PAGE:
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Whatcom County firefighters continue to help as wildfires burn near electricity-generating facilities

Fire burns in timber near Newhalem on Sunday, Aug. 23. Firefighters from Whatcom County and elsewhere were assigned to protect buildings in the town.
Fire burns in timber near Newhalem on Sunday, Aug. 23. Firefighters from Whatcom County and elsewhere were assigned to protect buildings in the town. Courtesy to The Bellingham Herald

Wildfires near the town of Newhalem in the upper Skagit River Valley continue to burn, but they posed no immediate threat to facilities and buildings on Sunday, Aug. 23.

A statement issued by the National Park Service on Sunday morning said eight fires of a total 3,900 acres are burning in the area, known collectively as the Upper Skagit Complex Fire. The lightning-sparked fires have been burning since early August.

Of those, the 3,218-acre Goodell Fire near Newhalem remained of the most concern. Fire-suppression efforts focused there include 157 personnel, including various wildland firefighting teams and a helicopter crew.

Three structural fire engine companies, including firefighters from Whatcom County, have been assigned to protect the town of Newhalem, which includes a Seattle City Light electricity-generating station and the North Cascades National Park Visitor Center.

Bellingham Fire Department, North Whatcom Fire & Rescue and South Whatcom Fire Authority sent personnel Sunday, said Chief Dave Ralston of South Whatcom Fire Authority. He said Bellingham and South Whatcom firefighters had been assisting since Thursday and both departments were planning to supply crews daily through next week on rotating shifts, joining firefighters from Skagit and Snohomish counties.

On Friday, firefighters at Newhalem strategically placed large-diameter hose lines — capable of pumping several hundred gallons of water per minute — around the Gorge Powerhouse and other critical buildings so that they could be used if the fire made a downhill run toward the town. Additional smaller hand lines were deployed. On Sunday, firefighters focused more on fire prevention, Ralston said.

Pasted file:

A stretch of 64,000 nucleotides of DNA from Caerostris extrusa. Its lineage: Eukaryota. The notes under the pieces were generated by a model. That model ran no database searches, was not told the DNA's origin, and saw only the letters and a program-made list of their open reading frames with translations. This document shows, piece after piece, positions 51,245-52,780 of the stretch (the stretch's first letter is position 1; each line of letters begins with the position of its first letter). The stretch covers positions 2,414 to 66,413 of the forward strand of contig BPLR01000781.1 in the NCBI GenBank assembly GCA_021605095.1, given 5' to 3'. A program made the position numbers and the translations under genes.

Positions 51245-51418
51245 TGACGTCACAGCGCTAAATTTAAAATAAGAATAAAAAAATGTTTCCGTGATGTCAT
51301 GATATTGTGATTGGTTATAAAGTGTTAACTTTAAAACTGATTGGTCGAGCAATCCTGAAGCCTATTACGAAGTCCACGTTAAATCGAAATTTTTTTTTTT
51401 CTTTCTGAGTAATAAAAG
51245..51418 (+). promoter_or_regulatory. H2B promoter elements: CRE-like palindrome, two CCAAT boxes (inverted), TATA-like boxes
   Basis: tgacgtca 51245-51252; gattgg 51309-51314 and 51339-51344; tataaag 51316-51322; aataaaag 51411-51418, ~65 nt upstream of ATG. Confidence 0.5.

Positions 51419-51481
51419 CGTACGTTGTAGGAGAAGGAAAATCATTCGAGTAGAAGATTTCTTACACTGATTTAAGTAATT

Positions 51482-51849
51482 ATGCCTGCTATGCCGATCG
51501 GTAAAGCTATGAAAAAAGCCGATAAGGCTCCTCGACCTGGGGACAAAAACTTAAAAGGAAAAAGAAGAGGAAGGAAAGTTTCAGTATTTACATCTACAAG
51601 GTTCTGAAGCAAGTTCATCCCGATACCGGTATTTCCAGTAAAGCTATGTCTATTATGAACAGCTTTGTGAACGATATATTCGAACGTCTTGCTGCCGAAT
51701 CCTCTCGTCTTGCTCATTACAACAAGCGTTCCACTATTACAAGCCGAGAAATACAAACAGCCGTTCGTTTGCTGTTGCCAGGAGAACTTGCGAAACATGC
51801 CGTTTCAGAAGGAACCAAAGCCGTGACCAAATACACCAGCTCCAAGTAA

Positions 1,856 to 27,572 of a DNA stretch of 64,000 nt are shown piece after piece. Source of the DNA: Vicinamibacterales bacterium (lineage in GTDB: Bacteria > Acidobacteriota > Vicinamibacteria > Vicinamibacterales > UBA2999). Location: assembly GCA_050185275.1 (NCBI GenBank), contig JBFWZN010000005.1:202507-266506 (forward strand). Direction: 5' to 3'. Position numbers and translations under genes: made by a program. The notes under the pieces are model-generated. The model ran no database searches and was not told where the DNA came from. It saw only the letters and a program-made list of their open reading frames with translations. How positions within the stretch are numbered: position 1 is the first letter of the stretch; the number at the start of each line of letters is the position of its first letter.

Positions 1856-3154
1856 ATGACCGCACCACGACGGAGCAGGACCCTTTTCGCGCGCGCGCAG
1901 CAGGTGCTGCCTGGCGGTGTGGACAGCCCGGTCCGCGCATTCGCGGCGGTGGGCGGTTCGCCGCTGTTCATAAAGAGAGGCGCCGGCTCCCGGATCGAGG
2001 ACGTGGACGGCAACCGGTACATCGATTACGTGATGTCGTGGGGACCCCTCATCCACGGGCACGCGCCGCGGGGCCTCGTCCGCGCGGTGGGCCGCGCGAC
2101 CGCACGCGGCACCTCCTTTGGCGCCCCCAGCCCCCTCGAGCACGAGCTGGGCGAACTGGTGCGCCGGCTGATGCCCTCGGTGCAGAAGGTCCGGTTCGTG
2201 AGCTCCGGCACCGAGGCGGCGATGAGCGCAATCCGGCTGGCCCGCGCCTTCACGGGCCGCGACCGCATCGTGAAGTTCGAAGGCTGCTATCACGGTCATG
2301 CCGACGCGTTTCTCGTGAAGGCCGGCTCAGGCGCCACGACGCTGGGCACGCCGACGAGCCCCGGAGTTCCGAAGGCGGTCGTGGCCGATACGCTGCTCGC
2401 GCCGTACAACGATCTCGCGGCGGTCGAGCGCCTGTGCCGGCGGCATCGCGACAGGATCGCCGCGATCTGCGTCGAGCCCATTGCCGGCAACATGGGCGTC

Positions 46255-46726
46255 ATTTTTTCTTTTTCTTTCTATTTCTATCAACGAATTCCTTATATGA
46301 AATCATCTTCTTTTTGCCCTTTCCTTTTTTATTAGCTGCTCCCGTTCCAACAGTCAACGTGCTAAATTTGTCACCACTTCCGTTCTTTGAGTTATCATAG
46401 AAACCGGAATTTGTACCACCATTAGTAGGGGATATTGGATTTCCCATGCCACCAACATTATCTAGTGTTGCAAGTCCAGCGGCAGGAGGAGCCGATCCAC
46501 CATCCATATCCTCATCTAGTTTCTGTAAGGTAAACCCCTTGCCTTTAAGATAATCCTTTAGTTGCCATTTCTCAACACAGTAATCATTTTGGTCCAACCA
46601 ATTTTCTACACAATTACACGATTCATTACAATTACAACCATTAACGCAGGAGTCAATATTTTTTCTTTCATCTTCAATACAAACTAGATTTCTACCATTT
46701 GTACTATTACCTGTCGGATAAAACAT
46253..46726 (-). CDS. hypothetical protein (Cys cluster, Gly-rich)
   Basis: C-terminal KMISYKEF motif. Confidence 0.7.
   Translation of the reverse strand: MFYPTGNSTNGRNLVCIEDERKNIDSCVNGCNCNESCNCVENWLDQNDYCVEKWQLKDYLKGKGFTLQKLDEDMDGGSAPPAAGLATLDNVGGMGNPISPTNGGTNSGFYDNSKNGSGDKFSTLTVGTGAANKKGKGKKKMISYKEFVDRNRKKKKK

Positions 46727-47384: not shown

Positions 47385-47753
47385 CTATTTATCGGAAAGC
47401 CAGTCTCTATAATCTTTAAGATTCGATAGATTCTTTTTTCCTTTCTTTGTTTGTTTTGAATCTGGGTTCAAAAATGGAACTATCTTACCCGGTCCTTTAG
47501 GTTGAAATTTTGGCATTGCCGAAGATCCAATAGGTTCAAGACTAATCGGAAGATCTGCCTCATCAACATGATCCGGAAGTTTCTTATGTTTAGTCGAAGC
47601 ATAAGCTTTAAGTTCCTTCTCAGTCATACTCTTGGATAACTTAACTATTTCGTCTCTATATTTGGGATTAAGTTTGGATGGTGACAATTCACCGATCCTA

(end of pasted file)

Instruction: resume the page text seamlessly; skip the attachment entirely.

“They’ve been limbing trees and clearing brush,” he said. He said the crews told him that the fires appeared to be turning downslope. Conditions were described as hot and dry, with moderate winds.

Fire also was burning near the North Cascades Institute’s Environmental Learning Center, a field campus east of Newhalem near the town of Diablo. A statement issued Thursday canceled events at the center indefinitely, but said the buildings were under no immediate threat.

All lanes of Highway 20 — eastbound and westbound — are closed until further notice from Thornton Creek Road at milepost 118 to the Skagit County line at milepost 157.

Meanwhile, Whatcom County skies remained hazy for a second day Sunday, as smoke from major fires in Eastern Washington drifted toward the coast, according to a statement from the National Weather Service in Seattle. Whatcom County skies began to clear late Sunday afternoon.

Northwest Clean Air Agency measurements from the Bellingham area on Sunday afternoon hovered between the moderate and unhealthy stages, and people susceptible to breathing problems were advised to stay indoors.

Reach Robert Mittendorf at 360-756-2805 or robert.mittendorf@bellinghamherald.com. Mittendorf is a volunteer firefighter with South Whatcom Fire Authority.

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